One convenient option for parents whose children are ready for solid foods is pre-made squeeze packs of mashed fruits and vegetables. If you intend to sleep in the open, be sure to bring along a large family tent. A crib is a great place to put a youngster to sleep while you finish doing the dishes. When camping with a baby, it's important to bring plenty of items to keep the baby cosy and happy. When it comes to cold and wet weather, synthetics and wool are preferable because they are better insulators and dry faster than cotton.
Check the forecast for frigid temperatures if you live in a cold home and outfit your baby properly. Bug spray and sunscreen should not be used on infants less than six months. Until a newborn is at least two months old, the CDC advises against using bug repellant. Your baby's skin is very sensitive to the sun's rays, so you should take extra precautions to shield him or her from them. It's better to stay close to home for your first camping trip with a young child.
Don't forget to pack a tonne of diapers, wipes, and nappy bags. Quickly assembling and disassembling furniture and other modular objects is a huge time saver. Having to keep up with a young child while on the road might be exhausting. Baby garments that can be worn during both hot and cold weather should be included. For your baby's safety and comfort, a foldable travel cot is a great choice.
Make sure your fellow campers know you're bringing a baby by talking to them about it. A parent's decision to take their child camping should not be questioned or judged. Give Mom a little camping comfort by making sure she has all she needs. Keep your cool and know that infants are tough.
- The decision of whether or not to bring a child on a trip, and what to bring if you do, can have a positive impact on the experience for everyone.
- By following standard precautions and advice for camping with children, you can feel comfortable bringing your newborn along.
- To make sure your kid has fun in the great outdoors with you, you'll need to bring more than just a tent and pillows.
- Your first camping trip as a family should be at a location that is not too far from your house.
- Pitch a tent in the backyard and find out if your loved ones enjoy camping without leaving the neighbourhood.
- You can help your infant adjust to his or her new environment by taking along some comforting items like a favourite stuffed animal and books.
- Bug spray and sunscreen should not be used on infants less than six months.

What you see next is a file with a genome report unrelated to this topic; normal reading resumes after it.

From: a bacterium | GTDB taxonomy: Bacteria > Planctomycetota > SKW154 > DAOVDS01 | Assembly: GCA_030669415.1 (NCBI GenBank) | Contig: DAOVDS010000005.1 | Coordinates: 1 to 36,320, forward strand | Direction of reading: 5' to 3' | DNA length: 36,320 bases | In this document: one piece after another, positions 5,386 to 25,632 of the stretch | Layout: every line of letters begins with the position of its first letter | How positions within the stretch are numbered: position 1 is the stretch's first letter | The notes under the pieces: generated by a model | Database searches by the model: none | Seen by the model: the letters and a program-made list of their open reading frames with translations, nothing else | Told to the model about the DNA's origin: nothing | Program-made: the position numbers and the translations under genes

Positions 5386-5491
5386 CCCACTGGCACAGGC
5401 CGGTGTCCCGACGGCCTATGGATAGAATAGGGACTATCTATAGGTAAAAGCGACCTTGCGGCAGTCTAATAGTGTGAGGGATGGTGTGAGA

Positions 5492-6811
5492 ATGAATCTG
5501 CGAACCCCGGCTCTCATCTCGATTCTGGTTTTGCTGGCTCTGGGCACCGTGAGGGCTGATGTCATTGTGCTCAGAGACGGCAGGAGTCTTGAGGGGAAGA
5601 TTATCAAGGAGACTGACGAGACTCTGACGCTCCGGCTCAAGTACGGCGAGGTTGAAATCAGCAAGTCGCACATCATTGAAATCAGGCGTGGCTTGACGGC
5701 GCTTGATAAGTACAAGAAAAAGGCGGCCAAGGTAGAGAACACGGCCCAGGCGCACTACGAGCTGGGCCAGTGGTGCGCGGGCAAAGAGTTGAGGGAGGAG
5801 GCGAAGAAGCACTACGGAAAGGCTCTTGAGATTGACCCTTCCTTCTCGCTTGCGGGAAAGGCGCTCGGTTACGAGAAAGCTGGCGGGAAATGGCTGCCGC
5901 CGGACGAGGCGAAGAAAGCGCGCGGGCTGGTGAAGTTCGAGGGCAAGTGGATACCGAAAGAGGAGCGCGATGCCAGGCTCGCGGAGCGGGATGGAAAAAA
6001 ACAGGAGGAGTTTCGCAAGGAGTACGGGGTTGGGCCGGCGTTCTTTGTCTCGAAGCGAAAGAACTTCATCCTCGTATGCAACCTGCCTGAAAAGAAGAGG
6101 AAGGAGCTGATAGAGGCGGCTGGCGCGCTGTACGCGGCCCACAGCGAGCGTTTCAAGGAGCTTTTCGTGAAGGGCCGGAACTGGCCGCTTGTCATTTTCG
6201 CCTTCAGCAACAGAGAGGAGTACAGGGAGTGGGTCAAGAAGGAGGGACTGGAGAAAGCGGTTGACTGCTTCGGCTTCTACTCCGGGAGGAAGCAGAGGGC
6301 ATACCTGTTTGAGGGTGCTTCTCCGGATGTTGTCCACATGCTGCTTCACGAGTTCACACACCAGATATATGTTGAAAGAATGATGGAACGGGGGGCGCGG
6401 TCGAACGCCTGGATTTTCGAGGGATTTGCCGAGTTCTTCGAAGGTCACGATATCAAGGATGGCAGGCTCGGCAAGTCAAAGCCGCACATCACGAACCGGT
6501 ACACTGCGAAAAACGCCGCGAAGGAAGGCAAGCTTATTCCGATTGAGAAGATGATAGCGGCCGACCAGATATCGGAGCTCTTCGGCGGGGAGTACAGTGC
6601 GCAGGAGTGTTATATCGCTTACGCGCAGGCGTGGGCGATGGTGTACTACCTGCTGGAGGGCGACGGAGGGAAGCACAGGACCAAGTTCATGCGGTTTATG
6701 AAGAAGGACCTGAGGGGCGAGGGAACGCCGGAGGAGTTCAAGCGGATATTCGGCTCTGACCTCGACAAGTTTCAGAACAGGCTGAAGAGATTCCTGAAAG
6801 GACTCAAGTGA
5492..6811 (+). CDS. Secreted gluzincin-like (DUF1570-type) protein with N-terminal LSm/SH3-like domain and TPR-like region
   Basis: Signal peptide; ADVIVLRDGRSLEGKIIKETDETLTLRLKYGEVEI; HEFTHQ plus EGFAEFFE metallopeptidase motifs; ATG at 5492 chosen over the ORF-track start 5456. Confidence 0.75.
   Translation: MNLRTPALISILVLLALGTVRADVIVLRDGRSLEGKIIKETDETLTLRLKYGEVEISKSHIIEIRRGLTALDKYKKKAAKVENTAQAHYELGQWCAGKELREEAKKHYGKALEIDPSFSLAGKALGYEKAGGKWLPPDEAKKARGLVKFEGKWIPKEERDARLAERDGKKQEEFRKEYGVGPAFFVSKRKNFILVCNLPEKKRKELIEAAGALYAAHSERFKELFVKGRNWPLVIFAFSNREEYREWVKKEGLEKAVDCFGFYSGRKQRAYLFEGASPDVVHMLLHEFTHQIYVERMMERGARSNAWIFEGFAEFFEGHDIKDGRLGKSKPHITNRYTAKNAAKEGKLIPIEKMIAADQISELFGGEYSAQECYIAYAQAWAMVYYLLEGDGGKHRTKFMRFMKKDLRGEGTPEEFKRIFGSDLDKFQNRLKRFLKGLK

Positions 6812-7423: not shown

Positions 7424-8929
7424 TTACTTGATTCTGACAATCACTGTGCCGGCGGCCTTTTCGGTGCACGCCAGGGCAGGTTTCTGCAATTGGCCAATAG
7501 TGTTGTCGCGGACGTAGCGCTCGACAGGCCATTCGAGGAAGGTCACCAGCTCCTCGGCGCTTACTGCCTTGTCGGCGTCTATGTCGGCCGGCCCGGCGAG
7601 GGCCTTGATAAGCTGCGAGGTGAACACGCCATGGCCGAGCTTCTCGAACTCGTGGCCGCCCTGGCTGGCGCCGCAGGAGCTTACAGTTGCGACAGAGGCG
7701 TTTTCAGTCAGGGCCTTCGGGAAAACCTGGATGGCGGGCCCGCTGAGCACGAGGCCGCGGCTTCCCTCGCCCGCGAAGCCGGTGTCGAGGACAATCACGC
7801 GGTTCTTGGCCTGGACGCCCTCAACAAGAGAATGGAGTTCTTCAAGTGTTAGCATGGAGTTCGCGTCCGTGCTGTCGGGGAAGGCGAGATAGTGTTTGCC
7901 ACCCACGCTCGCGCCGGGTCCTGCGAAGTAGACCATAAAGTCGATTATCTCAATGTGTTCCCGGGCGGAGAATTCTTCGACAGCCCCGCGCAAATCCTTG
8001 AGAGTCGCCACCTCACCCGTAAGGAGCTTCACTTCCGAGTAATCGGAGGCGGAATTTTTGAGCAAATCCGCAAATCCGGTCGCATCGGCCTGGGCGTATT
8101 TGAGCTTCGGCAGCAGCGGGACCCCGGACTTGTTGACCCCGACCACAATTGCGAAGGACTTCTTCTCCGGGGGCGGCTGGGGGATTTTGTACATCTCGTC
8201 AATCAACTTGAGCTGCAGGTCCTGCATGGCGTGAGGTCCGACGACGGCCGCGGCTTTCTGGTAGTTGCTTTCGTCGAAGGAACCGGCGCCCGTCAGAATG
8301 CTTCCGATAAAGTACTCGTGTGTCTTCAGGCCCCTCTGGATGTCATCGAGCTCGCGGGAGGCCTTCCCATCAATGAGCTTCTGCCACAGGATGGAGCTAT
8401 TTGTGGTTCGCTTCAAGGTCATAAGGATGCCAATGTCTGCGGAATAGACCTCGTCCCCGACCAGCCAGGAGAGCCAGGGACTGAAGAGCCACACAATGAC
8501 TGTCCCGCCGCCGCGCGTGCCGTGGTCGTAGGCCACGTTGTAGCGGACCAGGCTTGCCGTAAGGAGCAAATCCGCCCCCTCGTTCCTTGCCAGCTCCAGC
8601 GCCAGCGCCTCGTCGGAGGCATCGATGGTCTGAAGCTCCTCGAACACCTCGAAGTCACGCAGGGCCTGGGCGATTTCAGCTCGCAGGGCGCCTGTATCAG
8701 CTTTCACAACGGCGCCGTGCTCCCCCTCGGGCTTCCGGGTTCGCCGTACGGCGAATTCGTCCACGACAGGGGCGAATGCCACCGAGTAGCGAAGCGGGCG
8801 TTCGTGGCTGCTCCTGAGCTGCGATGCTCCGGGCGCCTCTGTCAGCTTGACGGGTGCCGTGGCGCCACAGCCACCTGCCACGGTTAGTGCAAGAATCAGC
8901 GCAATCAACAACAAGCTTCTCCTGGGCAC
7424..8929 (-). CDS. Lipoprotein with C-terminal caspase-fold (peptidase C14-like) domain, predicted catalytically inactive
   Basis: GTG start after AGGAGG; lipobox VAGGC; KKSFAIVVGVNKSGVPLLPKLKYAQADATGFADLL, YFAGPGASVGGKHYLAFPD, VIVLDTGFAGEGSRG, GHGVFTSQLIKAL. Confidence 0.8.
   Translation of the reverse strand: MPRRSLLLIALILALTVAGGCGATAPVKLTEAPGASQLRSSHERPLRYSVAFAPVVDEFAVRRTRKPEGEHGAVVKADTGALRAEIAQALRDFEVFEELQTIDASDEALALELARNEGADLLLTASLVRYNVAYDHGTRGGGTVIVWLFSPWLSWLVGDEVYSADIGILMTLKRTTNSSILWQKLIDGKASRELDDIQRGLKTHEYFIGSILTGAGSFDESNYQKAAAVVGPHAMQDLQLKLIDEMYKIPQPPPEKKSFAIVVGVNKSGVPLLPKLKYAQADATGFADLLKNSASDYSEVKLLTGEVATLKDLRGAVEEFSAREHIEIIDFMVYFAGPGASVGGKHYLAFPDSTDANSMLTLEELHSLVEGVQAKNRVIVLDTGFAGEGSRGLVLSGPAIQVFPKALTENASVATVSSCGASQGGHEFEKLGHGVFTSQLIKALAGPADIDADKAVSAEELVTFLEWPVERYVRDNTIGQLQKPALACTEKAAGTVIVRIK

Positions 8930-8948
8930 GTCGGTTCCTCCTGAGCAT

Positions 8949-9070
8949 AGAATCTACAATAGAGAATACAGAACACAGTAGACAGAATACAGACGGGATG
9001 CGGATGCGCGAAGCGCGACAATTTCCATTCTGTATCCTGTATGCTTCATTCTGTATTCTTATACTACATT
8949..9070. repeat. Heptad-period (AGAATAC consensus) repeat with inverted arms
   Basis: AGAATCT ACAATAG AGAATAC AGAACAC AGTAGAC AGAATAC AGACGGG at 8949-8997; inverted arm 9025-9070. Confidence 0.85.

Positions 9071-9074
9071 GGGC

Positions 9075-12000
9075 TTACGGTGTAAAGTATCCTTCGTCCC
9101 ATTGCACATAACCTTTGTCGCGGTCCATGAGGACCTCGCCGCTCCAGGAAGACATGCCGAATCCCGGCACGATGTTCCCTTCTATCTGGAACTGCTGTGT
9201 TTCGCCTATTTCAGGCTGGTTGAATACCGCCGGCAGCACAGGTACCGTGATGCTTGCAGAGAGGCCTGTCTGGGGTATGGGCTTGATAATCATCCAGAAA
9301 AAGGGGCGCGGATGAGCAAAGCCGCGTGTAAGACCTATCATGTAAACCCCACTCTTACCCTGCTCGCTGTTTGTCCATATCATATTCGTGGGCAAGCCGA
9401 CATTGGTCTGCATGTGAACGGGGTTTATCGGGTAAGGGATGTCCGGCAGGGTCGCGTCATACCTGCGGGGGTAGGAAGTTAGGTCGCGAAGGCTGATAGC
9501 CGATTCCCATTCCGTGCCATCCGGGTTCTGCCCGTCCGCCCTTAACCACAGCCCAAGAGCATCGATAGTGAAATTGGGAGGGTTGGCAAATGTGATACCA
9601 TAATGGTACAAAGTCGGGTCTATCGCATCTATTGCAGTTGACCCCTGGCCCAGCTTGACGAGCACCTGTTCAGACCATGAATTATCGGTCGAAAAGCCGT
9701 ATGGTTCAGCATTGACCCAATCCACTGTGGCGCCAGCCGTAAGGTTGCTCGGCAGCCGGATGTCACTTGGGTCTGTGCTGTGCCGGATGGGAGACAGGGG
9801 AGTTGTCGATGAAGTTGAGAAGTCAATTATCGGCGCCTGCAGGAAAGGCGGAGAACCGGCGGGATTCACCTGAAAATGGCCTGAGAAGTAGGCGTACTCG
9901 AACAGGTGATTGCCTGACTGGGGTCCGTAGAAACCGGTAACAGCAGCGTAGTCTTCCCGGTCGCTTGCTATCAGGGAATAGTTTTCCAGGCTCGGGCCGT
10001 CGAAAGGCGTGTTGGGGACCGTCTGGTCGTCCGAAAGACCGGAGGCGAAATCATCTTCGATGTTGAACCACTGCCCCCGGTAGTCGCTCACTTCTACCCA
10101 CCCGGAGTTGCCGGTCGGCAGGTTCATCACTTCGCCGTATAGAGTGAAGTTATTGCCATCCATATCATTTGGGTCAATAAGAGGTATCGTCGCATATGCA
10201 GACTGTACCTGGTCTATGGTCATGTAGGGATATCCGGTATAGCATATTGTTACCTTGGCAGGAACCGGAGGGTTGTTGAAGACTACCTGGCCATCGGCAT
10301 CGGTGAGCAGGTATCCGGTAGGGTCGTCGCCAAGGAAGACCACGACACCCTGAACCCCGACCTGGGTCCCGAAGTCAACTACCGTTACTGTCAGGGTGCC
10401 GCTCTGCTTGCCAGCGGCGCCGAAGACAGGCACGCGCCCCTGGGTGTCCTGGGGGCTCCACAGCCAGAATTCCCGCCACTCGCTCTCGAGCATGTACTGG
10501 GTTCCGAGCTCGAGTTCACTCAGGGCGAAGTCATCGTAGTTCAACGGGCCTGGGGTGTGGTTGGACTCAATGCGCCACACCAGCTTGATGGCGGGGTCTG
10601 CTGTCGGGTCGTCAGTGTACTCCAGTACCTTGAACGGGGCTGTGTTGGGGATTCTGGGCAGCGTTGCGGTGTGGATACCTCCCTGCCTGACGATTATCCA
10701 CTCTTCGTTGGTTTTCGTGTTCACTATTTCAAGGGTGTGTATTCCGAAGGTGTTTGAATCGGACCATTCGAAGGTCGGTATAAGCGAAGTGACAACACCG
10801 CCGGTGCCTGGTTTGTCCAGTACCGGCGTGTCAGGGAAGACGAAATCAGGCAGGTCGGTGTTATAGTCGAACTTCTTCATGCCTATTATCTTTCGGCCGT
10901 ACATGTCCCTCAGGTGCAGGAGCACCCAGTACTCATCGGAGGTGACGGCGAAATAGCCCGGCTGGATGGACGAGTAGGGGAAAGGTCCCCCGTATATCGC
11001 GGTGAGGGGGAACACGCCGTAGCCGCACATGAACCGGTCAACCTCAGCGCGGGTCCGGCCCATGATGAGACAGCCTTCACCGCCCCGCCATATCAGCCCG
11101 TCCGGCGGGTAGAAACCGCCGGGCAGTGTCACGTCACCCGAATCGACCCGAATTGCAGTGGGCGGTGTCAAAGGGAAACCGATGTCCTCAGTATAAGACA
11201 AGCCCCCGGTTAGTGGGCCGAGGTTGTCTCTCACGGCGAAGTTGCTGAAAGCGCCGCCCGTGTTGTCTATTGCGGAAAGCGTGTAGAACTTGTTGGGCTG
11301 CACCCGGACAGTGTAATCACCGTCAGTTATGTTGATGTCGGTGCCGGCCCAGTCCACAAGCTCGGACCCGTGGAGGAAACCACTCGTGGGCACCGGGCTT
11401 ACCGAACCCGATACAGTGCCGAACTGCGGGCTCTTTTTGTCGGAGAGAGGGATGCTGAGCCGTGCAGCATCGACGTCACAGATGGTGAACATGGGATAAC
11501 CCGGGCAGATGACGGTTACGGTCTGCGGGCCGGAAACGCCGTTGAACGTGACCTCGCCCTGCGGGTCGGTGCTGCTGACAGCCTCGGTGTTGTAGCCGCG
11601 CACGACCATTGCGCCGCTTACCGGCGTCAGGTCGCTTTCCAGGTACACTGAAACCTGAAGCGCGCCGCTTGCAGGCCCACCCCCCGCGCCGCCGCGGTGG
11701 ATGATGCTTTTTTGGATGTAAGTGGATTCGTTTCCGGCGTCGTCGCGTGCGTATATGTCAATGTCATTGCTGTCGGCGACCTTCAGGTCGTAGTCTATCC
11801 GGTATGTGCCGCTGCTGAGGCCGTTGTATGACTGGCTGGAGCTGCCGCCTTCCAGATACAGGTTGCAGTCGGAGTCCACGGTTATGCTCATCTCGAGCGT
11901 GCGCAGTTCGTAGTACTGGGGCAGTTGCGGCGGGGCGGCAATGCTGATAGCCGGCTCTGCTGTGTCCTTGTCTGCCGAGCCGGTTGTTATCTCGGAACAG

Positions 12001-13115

- Tips Preparing for Camping with a Baby It is important to practise "camping with a baby" before you actually go on your trip.
- Once you know what the weather will be like on your vacation, you can make the necessary preparations.
- Here's what to do if rain is predicted for your camping vacation.
- Don't forget to pack a tonne of diapers, wipes, and nappy storage bags.
- It's important to have room in your itinerary for relaxation in addition to fun activities like sight-seeing and recreation.
- Bringing an infant camping requires a large tent to accommodate the whole family and all of the baby's gear.
- Make sure your fellow campers know you're bringing a baby by talking to them about it.
- A portable camping chair is an excellent addition to any outdoor adventure.
- Hiking on foot is a great way to take in the scenery.
- Your outings with your child will be much more pleasant if you have a reliable baby carrier on hand.
- A baby carrier is more convenient for journeys to the countryside than lightweight strollers, but strollers can be beneficial for visiting the sites.
FAQs About Camping With Baby
It was refreshing being in the great outdoors as new parents with our 4 week old especially since we did a lot of camping pre-baby. It's nice to know you don't have to stop the activities that you love. Babies also really love the fresh air and being outside.
There's no hard and fast rule here – when you feel comfortable taking your baby camping, go for it! Some babies are born on the road and live the camping lifestyle even from day one. We didn't head away until Oliver was nearly 5 months old but have done many trips since.
Use a portable crib/play yard: This is an especially good idea if your baby is used to sleeping in a portable crib/play yard (and if you have a tent that's large enough to fit it). The familiarity of the crib may help your little one settle down and stick to the nighttime routine.
Keep babies and young toddlers warm at night with several layers of clothing (preferably fleece or wool), thick socks and a hat for sleeping. In especially chilly climes, be watchful for cool, clammy skin, which indicates that a baby needs an extra layer or two.
For camping in cold and rain, dress your toddler or baby in layers. A good rule of thumb is that your baby or toddler should be wearing one more layer than you are. Fleece jammies, thick socks, and beanies are a must! And for sleeping, bundle up even more to keep baby warm at night.